Rotten either way (1, Redundant)

petrus4 (213815) | more than 8 years ago | (#15514523)

The government should have no say in what happens to the Internet, but big business shouldn't either.

Commercialism has been nothing but a plague to the Internet...the only thing it has done is allow that segment of the population that are likely to render the rest of us extinct to discover one more thing to screw up, in their suicidal quest for the increased bottom line. Now, to top it off, we're having to rely on the utterly corrupt, craven, senile geriatrics of the American legislative branch to prevent their fellow parasitic vermin from destroying the net completely. Why do I not feel more optimistic?

The Internet was initially developed by infinitely more redeemable human beings than anyone in either the American government or corporate world. The future of something that has been developed by those who are self-aware should not be decided by those who are not. As much as the Internet means to me, it pains me to see its' future being decided by groups which I fervently wish did not exist in the first place.

For those unutterably wretched human beings whose lives also revolve entirely and exclusively around money, the rest of us are waiting patiently for you to grow up and recover from your sickness. Your addiction is in need of rapid treatment...if it is not treated soon, you may well end up destroying the rest of us along with you.

Re:Rotten either way (1)

DAldredge (2353) | more than 8 years ago | (#15514597)

I REALLY suggest you research who exactly started the internet and who they got their funding from.

Re:Rotten either way (0)

Anonymous Coward | more than 8 years ago | (#15514690)

What's so complicated about this issue. (4, Insightful)

rolfwind (528248) | more than 8 years ago | (#15514532)

From the pro-NN article:
"Think of the pipes and wires that you use to go online as a sidewalk. The question is whether the sidewalk should get a cut of the value of the conversations that you have as you walk along? The traditional telephone model has been that the telephone company doesn't get paid more if you have a particularly meaningful call -- they're just providing a neutral pipe."


No, think of the pipes and wires that you use to go online as the car you pay for by renting. The question is, should the rental car actively resist the steering wheel when you pass by a burger king and instead redirect you to a McDonalds because McDonalds paid the rental car agency a bribe.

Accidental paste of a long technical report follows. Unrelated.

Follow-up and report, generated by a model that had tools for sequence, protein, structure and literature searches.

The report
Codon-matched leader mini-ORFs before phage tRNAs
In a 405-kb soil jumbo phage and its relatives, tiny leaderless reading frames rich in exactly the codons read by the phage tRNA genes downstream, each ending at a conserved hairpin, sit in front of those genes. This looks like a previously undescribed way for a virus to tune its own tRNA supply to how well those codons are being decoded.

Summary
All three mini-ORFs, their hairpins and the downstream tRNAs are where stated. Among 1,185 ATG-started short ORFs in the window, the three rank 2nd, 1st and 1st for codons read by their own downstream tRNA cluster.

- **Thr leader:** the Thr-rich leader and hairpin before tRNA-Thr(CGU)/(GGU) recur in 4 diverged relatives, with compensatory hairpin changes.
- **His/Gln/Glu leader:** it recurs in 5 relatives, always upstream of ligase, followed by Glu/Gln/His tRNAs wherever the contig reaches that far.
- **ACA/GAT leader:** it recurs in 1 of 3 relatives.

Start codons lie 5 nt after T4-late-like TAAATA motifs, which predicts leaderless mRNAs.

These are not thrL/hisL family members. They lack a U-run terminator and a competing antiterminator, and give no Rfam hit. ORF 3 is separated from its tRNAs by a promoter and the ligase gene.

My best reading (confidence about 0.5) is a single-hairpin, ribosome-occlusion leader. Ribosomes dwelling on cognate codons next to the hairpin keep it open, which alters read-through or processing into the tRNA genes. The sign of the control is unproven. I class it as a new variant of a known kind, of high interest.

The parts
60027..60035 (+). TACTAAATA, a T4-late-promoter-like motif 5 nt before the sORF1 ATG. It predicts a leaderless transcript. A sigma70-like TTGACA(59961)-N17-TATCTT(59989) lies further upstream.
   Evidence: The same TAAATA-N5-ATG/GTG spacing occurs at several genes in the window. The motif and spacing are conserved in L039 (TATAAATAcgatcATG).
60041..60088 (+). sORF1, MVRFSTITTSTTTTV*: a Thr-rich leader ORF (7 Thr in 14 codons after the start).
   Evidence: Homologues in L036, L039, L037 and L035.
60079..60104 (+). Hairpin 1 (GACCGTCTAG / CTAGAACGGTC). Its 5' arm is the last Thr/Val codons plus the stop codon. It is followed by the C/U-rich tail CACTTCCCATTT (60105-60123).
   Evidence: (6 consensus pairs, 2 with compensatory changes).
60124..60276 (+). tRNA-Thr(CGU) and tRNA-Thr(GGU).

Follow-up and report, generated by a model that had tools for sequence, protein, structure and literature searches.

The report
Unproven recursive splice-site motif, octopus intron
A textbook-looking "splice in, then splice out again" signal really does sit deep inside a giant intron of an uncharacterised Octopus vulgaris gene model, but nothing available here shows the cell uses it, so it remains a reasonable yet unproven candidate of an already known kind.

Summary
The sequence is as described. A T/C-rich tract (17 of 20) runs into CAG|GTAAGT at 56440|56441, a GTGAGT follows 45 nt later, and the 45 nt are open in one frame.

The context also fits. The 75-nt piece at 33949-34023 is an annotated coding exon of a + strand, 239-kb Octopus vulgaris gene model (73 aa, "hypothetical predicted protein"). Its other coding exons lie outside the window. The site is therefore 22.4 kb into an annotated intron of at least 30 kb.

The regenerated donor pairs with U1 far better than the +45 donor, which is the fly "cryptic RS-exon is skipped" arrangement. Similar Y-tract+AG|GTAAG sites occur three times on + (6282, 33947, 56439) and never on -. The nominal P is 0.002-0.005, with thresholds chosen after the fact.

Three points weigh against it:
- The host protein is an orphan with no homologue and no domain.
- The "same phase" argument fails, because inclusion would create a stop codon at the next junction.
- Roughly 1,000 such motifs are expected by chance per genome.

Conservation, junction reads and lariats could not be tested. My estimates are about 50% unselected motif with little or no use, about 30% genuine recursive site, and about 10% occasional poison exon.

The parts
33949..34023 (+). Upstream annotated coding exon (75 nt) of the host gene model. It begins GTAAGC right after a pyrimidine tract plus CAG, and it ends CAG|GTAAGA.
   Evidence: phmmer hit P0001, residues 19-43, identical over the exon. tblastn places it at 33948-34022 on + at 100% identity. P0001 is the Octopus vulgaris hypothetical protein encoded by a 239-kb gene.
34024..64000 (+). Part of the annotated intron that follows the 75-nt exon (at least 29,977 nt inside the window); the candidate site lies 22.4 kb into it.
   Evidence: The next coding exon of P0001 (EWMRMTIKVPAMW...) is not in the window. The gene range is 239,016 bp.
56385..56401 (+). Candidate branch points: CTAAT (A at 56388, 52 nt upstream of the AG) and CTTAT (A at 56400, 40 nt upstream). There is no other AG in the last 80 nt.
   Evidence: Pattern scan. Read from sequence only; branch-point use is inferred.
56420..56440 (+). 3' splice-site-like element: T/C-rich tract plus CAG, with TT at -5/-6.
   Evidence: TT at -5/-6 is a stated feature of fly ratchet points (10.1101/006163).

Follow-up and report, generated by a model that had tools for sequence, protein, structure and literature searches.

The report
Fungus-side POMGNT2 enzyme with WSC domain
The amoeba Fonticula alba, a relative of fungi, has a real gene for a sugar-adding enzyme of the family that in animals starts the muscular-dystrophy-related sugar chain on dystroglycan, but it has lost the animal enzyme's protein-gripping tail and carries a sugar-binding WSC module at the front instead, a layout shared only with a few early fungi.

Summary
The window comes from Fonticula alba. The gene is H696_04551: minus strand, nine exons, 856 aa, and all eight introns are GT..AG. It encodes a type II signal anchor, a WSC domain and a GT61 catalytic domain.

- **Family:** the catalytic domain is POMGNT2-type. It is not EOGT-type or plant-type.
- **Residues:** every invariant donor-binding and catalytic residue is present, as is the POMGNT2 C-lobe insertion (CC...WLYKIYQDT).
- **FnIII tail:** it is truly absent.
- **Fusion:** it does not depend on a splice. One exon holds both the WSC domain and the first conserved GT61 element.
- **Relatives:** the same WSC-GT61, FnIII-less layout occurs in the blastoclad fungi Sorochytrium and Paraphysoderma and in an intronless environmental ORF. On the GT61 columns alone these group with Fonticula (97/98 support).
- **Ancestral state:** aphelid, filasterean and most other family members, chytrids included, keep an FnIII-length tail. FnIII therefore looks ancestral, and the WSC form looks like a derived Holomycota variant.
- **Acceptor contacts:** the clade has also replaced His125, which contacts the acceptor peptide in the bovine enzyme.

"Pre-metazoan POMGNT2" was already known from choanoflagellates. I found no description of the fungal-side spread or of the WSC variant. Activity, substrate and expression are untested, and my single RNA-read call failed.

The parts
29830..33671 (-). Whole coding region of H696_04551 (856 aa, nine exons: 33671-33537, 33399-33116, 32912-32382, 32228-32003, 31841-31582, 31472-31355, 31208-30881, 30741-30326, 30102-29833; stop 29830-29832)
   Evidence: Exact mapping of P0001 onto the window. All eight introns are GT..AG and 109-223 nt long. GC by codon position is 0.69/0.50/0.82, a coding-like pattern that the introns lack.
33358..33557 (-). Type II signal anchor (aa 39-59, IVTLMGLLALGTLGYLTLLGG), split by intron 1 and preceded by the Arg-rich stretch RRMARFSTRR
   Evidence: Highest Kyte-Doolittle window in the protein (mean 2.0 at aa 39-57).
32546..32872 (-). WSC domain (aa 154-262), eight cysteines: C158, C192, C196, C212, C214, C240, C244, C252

God, I hate stupid f*ing metaphors. The thing is easy enough to understand, I can't believe how the debate gets convoluted by the other side: You are already paying for net access. Now your telecoms aren't quite satisfied with your payment and want to double dip by collecting on the other side of the pipe. The problem is, that as a consumer, this isn't what I paid for. I paid for internet access, not Verizon's Paying Friends network. This is fraudulent behavior against the consumer, plain and simple.

In his anti-NN article, Mike McCurry, who obviously knows how the net should really work instead of how it current did for the last XX years wrote:
Under their self-proclaimed banner of "neutrality," Google, eBay and other big online companies are lobbying for what amounts to a federal exemption from paying. Unfortunately, their thinly disguised effort at self-interest would dramatically shift the financial burden of paying for these upgrades onto the backs of ordinary consumers.


Their thinly disguised self-interest happens to be my self-interest in this case too. Rather than your stance, which coincides as the thinly disguised self-interest of the bells.

Oh, and no matter what, the consumers will pay for the upgrades. Let's not pretend that the corps will pay for it and not pass it down.

Re:What's so complicated about this issue. (2, Funny)

RickPartin (892479) | more than 8 years ago | (#15514626)

Whew, that was a close one. I wasn't sure how we were going to get a car analogy in here about net neutrality but you seem to have pulled it off. Slashdot thanks you.

HD Porn (0)

Anonymous Coward | more than 8 years ago | (#15514541)

Pass a law that all porn must be downloaded in HD. The problem will take care of itself.

CNN has both viewpoints... (1)

mi (197448) | more than 8 years ago | (#15514542)

But Slashdot found place for only one in the front-page summary. Am I the only one to sense bias?

Re:CNN has both viewpoints... (1)

plasmacutter (901737) | more than 8 years ago | (#15514591)

theyre both there my friend, try clicking the links again

Re:CNN has both viewpoints... (1)

mi (197448) | more than 8 years ago | (#15514629)

theyre both there my friend, try clicking the links again

Only one — Craig Newmark's — was quoted in the front-page summary. For Mike McCurry's one does, indeed, have to "click the links". That was my point.

(I'm not your friend.)

Re:CNN has both viewpoints... (1)

plasmacutter (901737) | more than 8 years ago | (#15514646)

well, slashdot's editors are apparently damned both ways then.